Home at Last

We moved this past year. My husband retired and we decided to relocate. We moved to a new house with new neighbors, in a new town and found a new church.

It has been about a year and we still feel unsettled.  We feel a longing to be known.

To have someone look at us with eyes of recognition. To know our names and ask about our kids.

I long for community.

…To have people know my name and ever so much more,

…To know I enjoy music and art, taking walks, a good cup of tea and auctions.

…That I have a sense of humor, am a pretty good cook and can be a fiercely loyal friend if given the chance.

I want them to know my heart aches from old wounds and some not so old. Things you can’t blurt out when you are just getting to know someone. It takes time…lots of time.

So, as I struggle to fit into our new community, I look expectantly to someday heaven. It will be a place of perfect acceptance, a place without longing.

I’ve been told a place is being prepared. (John 14:1-3) A just right place, a perfect place, a belonging place that isn’t uncomfortable. A place without an awkward adjustment period.

I imagine being greeted with a bear hug by the God who was unapproachable and untouchable in the Old Testament accounts. (*see below) Now he has promised to wipe away my tears. (Revelation 21:4)

I will be immediately known and loved. Not because I am good, but because I belong to a great King who purchased my freedom at an awful price. (I Peter 1:18 & 19)

He saved me even knowing who I would be and what I would do. Loved me in spite of all of it. Why? For a purpose, to worship and serve Him.

He will integrate me seamlessly into the heavenly community; giving me a job that suits just me. One where I can contribute and feel helpful.

He will delight that I am there, at home with Him. At home with the one who has loved me since the foundation of the world. (Matthew 25:34)

And all of this will fade away. For I will be home at last.

 

 * God told Moses – “No man shall see me and live.” ( Exodus 33:20) ;                                Some men from Beth-shemesh looked into the ark and they were struck dead along with 50,070 others. (I Samuel 6:19);                                                                                                    Uzzah was killed for touching the ark (2 Samuel 6:6-7)

Looking for Home

He built most of it himself. It was a strong sturdy house with white siding and green trim. It started out as just four rooms. It was what they could afford. His brother, Clarence, helped him lay a basement foundation and then the new part of the house was built while we lived in the old part.

Electrical work, plumbing, windows. He did it all himself. One of the few things he hired out was a carpenter to make custom cabinets for Mom’s kitchen.

Dad rescued wooden floors from an old school that the city was taking down. He carefully refinished the wood and covered the floors in the living room, dining room, and all of the upstairs. He made the stairs extra wide which made it easier for us to slide down on our bottoms. I tried it once when I was older and nearly killed myself.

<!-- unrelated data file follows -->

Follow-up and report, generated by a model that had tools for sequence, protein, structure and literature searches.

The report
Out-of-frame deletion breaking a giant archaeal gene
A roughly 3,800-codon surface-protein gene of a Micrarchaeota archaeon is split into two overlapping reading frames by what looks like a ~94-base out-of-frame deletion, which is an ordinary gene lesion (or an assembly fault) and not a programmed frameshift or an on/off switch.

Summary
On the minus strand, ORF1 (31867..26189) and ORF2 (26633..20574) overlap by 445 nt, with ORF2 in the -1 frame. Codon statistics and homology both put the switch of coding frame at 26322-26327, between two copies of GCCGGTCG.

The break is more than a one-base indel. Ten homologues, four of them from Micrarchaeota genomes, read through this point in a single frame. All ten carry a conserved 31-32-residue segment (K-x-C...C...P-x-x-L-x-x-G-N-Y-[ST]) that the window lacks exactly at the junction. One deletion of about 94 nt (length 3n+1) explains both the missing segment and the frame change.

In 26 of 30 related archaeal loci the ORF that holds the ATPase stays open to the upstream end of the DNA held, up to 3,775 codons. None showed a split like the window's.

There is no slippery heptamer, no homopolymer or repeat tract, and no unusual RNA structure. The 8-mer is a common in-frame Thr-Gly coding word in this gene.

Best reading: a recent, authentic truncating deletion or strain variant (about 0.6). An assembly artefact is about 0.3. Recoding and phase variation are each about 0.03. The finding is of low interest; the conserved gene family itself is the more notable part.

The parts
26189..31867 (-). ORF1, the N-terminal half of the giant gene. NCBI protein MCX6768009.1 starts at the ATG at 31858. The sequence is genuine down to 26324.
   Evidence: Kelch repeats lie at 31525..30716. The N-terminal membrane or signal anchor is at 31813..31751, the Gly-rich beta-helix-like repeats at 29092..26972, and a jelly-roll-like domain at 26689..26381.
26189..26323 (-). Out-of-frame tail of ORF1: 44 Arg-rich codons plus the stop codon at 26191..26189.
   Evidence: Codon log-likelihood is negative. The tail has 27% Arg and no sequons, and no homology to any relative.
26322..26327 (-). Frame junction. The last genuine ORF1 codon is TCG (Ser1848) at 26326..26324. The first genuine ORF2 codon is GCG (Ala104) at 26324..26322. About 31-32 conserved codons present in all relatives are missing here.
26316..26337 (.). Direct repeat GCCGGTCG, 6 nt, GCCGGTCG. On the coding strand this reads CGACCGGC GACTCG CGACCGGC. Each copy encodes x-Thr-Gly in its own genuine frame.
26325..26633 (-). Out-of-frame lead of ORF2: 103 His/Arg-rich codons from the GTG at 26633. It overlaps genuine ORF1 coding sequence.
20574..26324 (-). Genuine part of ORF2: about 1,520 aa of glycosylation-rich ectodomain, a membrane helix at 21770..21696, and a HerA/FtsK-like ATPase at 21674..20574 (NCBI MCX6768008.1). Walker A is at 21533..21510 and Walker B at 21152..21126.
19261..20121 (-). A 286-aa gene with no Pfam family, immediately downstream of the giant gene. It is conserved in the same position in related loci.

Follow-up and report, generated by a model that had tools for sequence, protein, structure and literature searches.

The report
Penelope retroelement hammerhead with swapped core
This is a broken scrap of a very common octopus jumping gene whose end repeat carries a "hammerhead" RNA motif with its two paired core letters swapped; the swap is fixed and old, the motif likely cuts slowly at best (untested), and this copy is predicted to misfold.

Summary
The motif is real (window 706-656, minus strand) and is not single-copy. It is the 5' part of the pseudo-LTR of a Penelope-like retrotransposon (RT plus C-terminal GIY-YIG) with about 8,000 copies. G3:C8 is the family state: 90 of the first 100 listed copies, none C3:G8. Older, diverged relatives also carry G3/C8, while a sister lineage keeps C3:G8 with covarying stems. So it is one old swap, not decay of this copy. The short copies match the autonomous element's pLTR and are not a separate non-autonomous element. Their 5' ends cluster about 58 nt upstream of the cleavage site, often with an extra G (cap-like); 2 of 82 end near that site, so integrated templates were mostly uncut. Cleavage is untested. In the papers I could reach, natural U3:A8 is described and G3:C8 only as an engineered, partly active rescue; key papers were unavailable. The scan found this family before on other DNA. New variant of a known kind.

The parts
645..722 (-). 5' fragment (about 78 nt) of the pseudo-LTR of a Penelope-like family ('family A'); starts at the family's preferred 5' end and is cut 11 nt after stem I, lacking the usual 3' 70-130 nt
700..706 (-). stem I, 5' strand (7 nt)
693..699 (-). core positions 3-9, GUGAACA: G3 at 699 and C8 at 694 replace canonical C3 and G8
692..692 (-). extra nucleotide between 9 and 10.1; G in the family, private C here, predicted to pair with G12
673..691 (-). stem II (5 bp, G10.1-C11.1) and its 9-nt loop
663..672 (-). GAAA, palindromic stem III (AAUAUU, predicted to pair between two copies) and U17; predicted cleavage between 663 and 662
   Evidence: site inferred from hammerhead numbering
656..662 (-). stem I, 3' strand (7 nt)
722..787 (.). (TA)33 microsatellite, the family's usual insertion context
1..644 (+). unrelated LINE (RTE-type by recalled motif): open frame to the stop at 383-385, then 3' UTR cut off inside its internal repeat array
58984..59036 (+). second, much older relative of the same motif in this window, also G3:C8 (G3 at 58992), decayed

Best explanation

There was an old garage and a small shed on the ten acre property. The front yard was full of big shade trees. The old cottonwood was an especially fine specimen. My two sisters and I would try and grab hands around it. We could never quite grasp each other’s fingers.  There were two good climbing trees. We spent many hours reading books and eating lunch in them. I would often climb the one closest to the road to watch for my Father’s car as he made his way home from work.

My father carefully planted a shelterbelt made up of a row of evergreens, a row of Chokecherries, and another of plumbs. He added Nanking cherries a few years later. The plowed garden was about two acres. There was a strawberry patch, raspberry plants, and an apple tree with many varieties of apples grafted onto it. My dad was especially proud of the apple tree. He had done the grafting himself. It was a sight to behold when it was in bloom and later, when the fruit was heavy in its branches. He planted rows of corn. More than we could ever eat or freeze, but he liked to give it away. He started studying Gurney’s seed catalogue in the winter and ordered in plenty of time for planting. He usually started the tomatoes and Mom’s zinnias inside. The rest of the seeds he planted in the garden with us reluctantly helping.

The ditches were full of wild roses and white anemones. In the spring they were full of water which meant we could sail up and down on homemade rafts. If it was especially wet the side yard became a pond for a few short days.

There was a small patch of bushes that we called woods. We made an animal trap in a hollowed out spot. We crisscrossed branches and covered it with leaves. Of course we never caught anything, but we checked it often.

We had a big backyard where we played kick the can when church kids came over.

There was a well-worn path that led to the neighbor’s house. He was a widower that watched our dog when we went out of town. We imagined he was sweet on our grandma, but nothing ever came of it. He had a couple good climbing trees that he allowed us to use when we wanted. He also had some metal bars that we would swing on or hang from by our knees.